Tuesday, 22 October 2013

Numbers, scale and the truth - more than politeness


As regular readers will know, 'Public Policy and the Past' has long been getting hot under the collar about governments' cavalier use of statistics. It's one of the main trends poisoning politics, and it started long before the present administration's rather zig-zag progress through the halls of power.

But it does seem to have got worse.

Consider today's epic Twitter spat between Jonathan Portes, director of the respected (though, in general, Keynesian and committed) National Institute of Economic and Social Research, and Stewart Jackson (above), Conservative MP for Peterborough. Take a look here:


To cut a long story short, Mr Jackson tweeted out some 'facts' about immigration that turned out to be wrong, inflating the number of EU migrants in the UK that had never worked by a factor of three. Mr Portes sought clarification or withdrawal; the MP refused, becoming rather dismissive, while his colleagues also piled in on his behalf.

The MP emerged looking like a bit of a fool, and he certainly did his credibility no end of harm - no minor thing for a member of the Public Accounts Committee. A rapid apology and a 'sorry, I misread the stats' would have sufficed, and everyone would have retired with honour satisfied.

Except that immigration is one of those issues that the Conservatives are hoping to seize back from the United Kingdom Independence Party, rapidly closing in on their more right-wing voters. Any admission that the whole question might be much more complex than 'shut them all out' - that, for instance, immigrants are much more likely to be in work than the home-born population - can't be tolerated.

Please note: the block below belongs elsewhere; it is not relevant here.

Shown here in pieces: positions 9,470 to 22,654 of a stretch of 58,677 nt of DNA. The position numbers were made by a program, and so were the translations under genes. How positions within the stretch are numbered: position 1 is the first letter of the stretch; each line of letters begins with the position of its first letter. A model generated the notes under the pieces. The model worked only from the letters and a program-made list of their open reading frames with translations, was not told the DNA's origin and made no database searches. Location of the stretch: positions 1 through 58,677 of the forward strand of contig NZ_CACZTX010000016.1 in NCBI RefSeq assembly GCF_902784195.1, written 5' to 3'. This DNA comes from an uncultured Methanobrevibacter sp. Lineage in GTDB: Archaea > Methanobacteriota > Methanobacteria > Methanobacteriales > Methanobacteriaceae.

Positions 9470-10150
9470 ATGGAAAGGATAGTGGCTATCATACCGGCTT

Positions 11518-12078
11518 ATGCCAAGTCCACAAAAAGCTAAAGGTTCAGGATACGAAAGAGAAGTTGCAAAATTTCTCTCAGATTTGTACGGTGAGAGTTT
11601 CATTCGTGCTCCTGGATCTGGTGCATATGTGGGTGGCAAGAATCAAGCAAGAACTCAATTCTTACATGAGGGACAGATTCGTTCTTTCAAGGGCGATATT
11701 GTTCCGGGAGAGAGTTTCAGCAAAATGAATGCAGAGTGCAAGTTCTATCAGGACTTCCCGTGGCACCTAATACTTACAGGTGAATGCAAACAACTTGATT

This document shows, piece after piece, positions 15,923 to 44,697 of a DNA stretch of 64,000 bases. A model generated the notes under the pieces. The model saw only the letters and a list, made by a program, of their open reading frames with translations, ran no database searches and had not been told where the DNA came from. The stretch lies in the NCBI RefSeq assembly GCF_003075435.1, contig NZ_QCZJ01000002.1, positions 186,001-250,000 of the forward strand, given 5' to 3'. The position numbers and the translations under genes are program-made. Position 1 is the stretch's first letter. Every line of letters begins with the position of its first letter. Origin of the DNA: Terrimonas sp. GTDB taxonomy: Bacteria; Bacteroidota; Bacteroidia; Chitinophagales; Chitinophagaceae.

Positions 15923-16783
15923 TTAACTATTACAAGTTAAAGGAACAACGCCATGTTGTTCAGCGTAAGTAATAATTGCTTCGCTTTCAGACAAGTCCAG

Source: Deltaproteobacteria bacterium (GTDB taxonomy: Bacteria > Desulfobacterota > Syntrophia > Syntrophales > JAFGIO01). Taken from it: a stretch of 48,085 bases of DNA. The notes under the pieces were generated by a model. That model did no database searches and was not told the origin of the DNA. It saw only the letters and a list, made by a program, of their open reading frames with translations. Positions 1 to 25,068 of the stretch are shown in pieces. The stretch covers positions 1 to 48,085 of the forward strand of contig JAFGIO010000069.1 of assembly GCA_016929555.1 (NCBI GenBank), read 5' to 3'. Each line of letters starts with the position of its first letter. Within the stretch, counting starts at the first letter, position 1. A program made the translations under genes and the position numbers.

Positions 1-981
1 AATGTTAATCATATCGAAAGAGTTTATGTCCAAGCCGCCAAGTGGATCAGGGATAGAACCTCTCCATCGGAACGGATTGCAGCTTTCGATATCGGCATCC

Some commentators have said today that there's no point stirring the pot: people will believe what they will believe about such emotive issues, and that's that. If MPs want to make fools of themselves with outrageous claims, let them.

But where would we be without a sense of scale and scope? A sense of how big some things are, and how small others remain? Back in the labyrinthine world where we can't trust the very makeup of our public numbers and our numbered common life, that's where.

In a very, very bad place indeed.

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